Movie review: Rashomon (1950)

This black and white classic is the product of a collaboration between two Japanese greats in the film world: director Akira Kurosawa and cinematographer Kazuo Miyagawa.

Rashomon explores what is meant by truth. The film consists of a rape and murder told through the eyes of several different people during interrogations or at a chance encounter in a crumbling building during a downpour. None of the stories are the same but differ in key points, suggesting that there is no truth and that eyewitness accounts vary based on the eye witnessing the event. “Most of the time we can’t even be honest with ourselves,” purports the outsider hearing the tale recounted from different viewpoints.

Rashomon is a classic not only for its subject matter and narrative structure, but also for the cinematography. A good portion of the story is shot in a woods. The dappled light and shadow of leaves had to be accentuated to have any sort of effect, done so with the use of mirrors and branches brought close to the actors rather than high overhead. Miyagawa is perhaps the first to use camera angles and shots looking directly into the sun.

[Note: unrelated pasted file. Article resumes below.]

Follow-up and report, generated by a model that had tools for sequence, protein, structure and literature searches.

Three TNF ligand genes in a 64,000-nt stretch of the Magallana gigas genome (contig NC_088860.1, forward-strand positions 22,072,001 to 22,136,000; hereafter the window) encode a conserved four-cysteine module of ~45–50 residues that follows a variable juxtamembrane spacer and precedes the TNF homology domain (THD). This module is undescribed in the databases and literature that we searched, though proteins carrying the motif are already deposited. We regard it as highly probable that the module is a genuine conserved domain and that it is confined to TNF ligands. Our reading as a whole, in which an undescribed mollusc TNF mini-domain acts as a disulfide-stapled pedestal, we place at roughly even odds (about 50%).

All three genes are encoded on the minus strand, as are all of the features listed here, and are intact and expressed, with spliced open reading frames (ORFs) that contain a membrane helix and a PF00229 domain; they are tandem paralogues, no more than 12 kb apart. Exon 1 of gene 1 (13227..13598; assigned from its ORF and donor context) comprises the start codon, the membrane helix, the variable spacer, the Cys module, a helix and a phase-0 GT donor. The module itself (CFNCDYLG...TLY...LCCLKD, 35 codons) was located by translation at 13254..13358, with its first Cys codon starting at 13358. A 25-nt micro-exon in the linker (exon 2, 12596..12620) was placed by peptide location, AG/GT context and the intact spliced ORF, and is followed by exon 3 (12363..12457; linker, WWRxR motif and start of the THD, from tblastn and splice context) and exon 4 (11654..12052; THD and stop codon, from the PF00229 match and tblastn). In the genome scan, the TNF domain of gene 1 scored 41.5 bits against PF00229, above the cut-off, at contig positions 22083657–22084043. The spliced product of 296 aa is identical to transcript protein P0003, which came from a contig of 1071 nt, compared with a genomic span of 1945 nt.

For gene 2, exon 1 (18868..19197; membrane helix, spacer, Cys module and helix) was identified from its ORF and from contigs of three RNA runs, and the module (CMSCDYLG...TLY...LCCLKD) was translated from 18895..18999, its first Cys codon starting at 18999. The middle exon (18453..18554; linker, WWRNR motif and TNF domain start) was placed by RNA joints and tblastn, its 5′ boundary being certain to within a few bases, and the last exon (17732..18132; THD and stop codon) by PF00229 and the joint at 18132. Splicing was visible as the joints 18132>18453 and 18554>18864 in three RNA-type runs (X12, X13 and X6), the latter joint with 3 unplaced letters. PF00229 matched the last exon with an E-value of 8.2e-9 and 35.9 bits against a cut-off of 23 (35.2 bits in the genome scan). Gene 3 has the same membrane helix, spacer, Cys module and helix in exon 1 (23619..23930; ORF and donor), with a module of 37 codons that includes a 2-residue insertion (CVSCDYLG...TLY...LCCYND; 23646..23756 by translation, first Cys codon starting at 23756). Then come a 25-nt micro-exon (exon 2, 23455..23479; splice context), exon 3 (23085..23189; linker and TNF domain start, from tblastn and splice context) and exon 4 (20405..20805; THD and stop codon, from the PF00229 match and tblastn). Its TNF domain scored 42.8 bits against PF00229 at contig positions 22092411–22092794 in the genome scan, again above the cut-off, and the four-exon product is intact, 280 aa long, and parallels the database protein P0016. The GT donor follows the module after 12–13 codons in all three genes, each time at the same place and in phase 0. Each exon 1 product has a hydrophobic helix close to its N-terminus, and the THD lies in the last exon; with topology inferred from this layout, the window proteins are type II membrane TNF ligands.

In addition to truth, the baseness of human decency is questioned. Is man good or basically selfish, looking out for his own interests? That question weaves itself through the story to the very end when the storm breaks and the three strangers leave to go their separate ways.

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